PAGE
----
9. Failure to adapt. Dwight Eisenhower said, “Plans are nothing. Planning is everything.” In warfare and business, conditions change rapidly. Plans and leaders must be flexible and adaptive. Many strategic initiatives that fail to produce results are just good ideas executed too late by a management team that didn’t adapt.

10. Lack of leadership commitment. When the boss puts the strategic plan binder on the shelf, so does everyone else. The owner, CEO or president must be the one who drives the team to avoid all of these pitfalls. If top management lacks commitment, persistence and focus, strategic planning is a waste of time. Like so many other things, it all comes back to the person at the top.

As originally published in the Central Penn Business Journal

‘Moment of truth’ has effect on customer retention

Posted in Business, Business Management, Customer Service by Richard Randall on July 26, 2009

After a customer complains or enters a warranty claim, there is a “moment of truth” when a company representative responds. In that moment, a business can lose or retain the customer. It can create a loyal advocate or a vocal critic, or the customer may quietly disappear.

I experienced multiple moments of truth recently when I went to pick up dry cleaned items and two dress shirts. The dry cleaning arrived first. My wife checked an item she was concerned about and saw a stain we had pointed out still was there. The item also didn’t appear to have been pressed. Other items were similarly unfinished.

When we complained, the first moment of truth began. The owner came out, agreed there was a problem, apologized and promised to make it right. That was good. She steamed out the stains and wrinkles. Twenty minutes after we entered the shop, she handed us the cleaned items with a smile. The moment of truth was over. The problem had been corrected, but I was not totally satisfied.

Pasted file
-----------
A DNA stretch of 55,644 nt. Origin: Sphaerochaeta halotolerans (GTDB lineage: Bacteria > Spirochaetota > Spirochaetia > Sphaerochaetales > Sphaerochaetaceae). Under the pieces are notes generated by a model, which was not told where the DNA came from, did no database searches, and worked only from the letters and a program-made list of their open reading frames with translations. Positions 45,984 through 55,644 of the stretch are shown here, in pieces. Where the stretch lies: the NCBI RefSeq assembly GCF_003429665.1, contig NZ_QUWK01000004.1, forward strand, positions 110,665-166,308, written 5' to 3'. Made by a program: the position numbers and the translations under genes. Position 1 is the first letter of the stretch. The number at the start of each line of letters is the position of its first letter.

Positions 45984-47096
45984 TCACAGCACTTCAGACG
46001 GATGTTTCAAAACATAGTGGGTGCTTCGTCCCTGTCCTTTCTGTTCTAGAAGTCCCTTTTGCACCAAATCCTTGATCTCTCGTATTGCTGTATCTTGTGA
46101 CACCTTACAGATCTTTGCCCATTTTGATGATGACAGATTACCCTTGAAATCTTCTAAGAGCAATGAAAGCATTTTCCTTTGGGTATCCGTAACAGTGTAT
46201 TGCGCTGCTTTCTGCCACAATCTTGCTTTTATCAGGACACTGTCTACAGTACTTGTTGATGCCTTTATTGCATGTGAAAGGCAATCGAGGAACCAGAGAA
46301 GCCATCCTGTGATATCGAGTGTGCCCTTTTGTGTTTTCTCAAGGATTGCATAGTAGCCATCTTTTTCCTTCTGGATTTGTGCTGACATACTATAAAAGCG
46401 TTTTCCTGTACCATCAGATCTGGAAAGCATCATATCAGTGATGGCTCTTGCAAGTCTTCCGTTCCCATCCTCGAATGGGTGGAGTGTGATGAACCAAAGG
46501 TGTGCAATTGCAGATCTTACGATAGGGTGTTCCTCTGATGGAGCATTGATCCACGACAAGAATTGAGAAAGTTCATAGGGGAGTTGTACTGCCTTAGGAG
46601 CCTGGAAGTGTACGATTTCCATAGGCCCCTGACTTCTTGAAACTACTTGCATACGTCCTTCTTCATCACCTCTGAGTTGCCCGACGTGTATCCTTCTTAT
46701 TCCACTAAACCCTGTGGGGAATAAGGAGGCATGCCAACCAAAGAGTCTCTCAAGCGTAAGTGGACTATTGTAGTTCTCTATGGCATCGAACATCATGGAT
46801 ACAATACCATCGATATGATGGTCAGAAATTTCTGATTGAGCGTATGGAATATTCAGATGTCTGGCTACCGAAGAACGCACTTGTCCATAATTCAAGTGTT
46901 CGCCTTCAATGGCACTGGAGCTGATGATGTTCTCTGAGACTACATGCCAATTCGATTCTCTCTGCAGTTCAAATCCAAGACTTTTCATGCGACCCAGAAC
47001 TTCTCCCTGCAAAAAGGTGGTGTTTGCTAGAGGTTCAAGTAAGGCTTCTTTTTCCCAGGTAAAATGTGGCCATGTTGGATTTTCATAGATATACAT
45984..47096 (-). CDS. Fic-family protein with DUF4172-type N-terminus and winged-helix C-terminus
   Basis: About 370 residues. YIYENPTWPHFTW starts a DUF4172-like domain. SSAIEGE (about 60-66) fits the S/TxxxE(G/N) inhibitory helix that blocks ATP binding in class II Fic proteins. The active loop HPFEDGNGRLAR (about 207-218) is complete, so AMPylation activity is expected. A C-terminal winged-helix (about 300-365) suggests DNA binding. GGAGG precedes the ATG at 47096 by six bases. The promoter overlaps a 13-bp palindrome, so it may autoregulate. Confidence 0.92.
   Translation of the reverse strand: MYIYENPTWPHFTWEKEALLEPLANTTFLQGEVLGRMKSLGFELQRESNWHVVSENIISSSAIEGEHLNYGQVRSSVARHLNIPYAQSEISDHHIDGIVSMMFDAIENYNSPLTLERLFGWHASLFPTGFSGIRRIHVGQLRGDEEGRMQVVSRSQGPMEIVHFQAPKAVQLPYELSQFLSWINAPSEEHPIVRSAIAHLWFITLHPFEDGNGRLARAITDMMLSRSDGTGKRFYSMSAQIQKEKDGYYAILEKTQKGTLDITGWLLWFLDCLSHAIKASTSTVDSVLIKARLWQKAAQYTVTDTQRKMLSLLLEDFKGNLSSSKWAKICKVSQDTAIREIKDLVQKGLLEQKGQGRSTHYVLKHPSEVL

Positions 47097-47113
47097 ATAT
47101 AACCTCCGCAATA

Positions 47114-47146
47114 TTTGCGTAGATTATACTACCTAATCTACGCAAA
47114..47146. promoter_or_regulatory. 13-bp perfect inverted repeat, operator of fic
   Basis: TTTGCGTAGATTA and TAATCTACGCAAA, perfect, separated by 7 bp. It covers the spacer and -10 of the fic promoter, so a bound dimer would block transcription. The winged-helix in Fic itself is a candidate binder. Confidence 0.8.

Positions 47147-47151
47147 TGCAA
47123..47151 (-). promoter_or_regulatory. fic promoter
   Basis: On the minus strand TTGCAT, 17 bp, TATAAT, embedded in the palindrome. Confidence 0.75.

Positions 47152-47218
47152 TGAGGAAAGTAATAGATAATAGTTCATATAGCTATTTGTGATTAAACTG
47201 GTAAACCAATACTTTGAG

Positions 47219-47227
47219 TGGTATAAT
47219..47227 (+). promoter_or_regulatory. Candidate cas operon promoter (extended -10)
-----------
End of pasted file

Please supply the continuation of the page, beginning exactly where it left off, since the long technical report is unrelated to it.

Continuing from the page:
The cleaner’s quality process had failed. We were lucky to find the problem before getting home or, worse, weeks later. The friendly rework was nice, but I expected more — a refund or credit for future business. Crediting a dry cleaning bill for a few items would have made little monetary difference to either party, but it would have sent a strong message about accountability and customer care. Often, it doesn’t cost much to buy a great deal of good will — or to lose it.

While waiting, we entered a second moment of truth. My shirts were missing. The owner, expressing concern that we had been there so long, promised to search high and low and call me that afternoon. That evening, the moment of truth ended with no call. I called her the following day. She had not found the shirts. Now I would need to go to the shop and file a claim. The needle on my satisfaction meter was moving south, but I filed the claim, initiating a 30-day waiting period for the shirts to reappear.